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Medications and Drugs

Brand Names:

Generic Name: H1N1 influenza virus vaccine (nasal) (Pronunciation: IN floo EN za VYE rus VAX een)

What is H1N1 influenza virus vaccine ()?

H1N1 influenza is sometimes called "swine flu" because it is usually found in pigs. You cannot become infected with H1N1 influenza from eating pork products.

H1N1 influenza virus can spread from one person to another through small droplets of saliva that are expelled into the air when an infected person coughs or sneezes. The virus can also be passed through contact with objects the infected person has touched, such as a door handle or other surfaces.

H1N1 influenza virus vaccine is used to prevent infection caused by the pandemic 2009 H1N1 influenza virus.

The nasal H1N1 influenza virus vaccine is a "live virus" vaccine. H1N1 influenza virus vaccine is also available in an injectable form, which is a "killed virus" vaccine.

H1N1 influenza virus vaccine works by exposing you to a small dose of the virus, which helps your body to develop immunity to the disease. This vaccine will not treat an active infection that has already developed in the body.

H1N1 influenza virus nasal vaccine is for use in people between the ages of 2 years and 49 years.

Becoming infected with influenza is much more dangerous to your health than receiving the vaccine to protect against it. Most people with H1N1 influenza have recovered, but the virus has caused some deaths. Like any medicine, this vaccine can cause side effects, but the risk of serious side effects is extremely low.

Like any vaccine, H1N1 influenza virus vaccine may not provide protection from disease in every person. This vaccine will not prevent illness caused by avian flu ("bird flu").

What are the possible side effects of H1N1 influenza virus nasal vaccine ()?

The nasal form of H1N1 influenza virus vaccine is a "live virus" vaccine and may cause you to have mild flu-like symptoms. However, you may have flu-like symptoms at any time during flu season that may be caused by strains of influenza virus that are not contained in the vaccine.

You should not receive a booster vaccine if you had a life-threatening allergic reaction after the first dose.

Keep track of any and all side effects you have after receiving this vaccine. If you ever have to receive another H1N1 influenza virus vaccine in the future, you will need to tell the doctor if the first vaccine caused any side effects.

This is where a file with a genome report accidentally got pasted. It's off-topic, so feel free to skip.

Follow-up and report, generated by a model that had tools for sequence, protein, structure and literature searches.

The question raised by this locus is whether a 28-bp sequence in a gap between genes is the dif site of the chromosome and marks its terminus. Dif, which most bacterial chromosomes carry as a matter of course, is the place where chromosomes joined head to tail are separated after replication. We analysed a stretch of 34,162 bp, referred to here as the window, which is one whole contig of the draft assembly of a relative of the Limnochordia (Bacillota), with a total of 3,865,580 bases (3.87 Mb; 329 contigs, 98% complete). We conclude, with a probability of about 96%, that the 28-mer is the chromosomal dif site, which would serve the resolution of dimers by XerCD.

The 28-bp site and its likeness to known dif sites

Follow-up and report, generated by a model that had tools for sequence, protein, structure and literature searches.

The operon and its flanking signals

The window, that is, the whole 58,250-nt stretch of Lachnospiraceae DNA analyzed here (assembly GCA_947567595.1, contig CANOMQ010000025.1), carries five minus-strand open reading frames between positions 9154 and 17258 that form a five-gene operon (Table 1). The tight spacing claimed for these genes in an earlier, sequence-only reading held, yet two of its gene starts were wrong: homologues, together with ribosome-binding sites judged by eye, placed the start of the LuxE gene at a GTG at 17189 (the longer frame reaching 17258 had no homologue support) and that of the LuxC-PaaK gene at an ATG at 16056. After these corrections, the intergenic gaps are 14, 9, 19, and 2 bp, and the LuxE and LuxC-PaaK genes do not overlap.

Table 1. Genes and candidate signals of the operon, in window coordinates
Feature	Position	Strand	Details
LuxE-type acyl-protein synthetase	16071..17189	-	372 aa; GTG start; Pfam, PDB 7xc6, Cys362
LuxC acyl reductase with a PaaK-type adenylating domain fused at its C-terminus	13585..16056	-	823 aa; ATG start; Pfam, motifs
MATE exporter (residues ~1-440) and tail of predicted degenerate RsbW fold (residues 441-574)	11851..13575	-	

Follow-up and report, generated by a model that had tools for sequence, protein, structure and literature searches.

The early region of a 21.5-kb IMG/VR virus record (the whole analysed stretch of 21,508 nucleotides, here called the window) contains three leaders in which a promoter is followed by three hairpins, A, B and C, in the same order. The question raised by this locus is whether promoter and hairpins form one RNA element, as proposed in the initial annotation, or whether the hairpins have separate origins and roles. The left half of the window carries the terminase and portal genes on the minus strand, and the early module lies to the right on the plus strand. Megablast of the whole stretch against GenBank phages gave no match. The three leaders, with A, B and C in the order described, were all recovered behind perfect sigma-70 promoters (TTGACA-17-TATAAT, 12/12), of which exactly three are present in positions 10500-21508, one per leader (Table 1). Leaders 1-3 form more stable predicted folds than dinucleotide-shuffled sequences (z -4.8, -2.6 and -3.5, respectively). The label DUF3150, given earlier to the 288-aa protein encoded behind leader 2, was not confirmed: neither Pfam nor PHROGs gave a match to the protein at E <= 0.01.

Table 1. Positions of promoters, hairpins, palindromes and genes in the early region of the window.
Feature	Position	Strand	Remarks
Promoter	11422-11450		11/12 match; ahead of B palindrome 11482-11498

Get emergency medical help if you have any of these signs of an allergic reaction: hives; difficulty breathing; swelling of your face, lips, tongue, or throat.

Call your doctor at once if you have any of these serious side effects:

  • wheezing, trouble breathing;
  • weakness, numbness or tingly feeling in your feet and spreading upward; or
  • high fever, chills, body aches, flu symptoms.

Less serious side effects can last a day or two after you receive this vaccine and may include:

  • runny or stuffy nose, sneezing;
  • low fever;
  • stomach pain, loss of appetite;
  • feeling tired or irritable;
  • headache; or
  • muscle pain.

This is not a complete list of side effects and others may occur. Call your doctor for medical advice about side effects. You may report vaccine side effects to the US Department of Health and Human Services at 1-800-822-7967.

What is the most important information I should know about this vaccine ()?

The nasal H1N1 influenza virus vaccine is a "live virus" vaccine. H1N1 influenza virus vaccine is also available in an injectable form, which is a "killed virus" vaccine. This medication guide addresses only the nasal form of this vaccine.

H1N1 influenza is sometimes called "swine flu" because it is usually found in pigs. You cannot become infected with H1N1 influenza from eating pork products.

Do not receive this vaccine if you have ever had an allergic reaction to a flu vaccine, if you are under 18 years old and have recently taken aspirin, or if you are allergic to eggs, arginine, or gelatin.

Before you receive H1N1 influenza virus nasal vaccine, tell your doctor if you have asthma, a weak immune system, or a history of Guillain-Barré syndrome or neurologic disorder affecting the brain (especially if these were caused by a vaccine).

Also tell your doctor if you have used a flu medication such as oseltamivir (Tamiflu) or zanamivir (Relenza) within the past 48 hours.

You can still receive an H1N1 influenza vaccine if you have a cold or fever. In the case of a more severe illness with a fever or any type of infection, wait until you get better before receiving this vaccine.

Keep track of any and all side effects you have after receiving this vaccine. If you ever have to receive another influenza virus vaccine in the future, you will need to tell the doctor if the first vaccine caused any side effects.

Like any vaccine, H1N1 influenza virus vaccine may not provide protection from disease in every person. This vaccine will not prevent illness caused by avian flu ("bird flu").

Becoming infected with influenza is much more dangerous to your health than receiving the vaccine to protect against it. Most people with H1N1 influenza have recovered, but the virus has caused some deaths.



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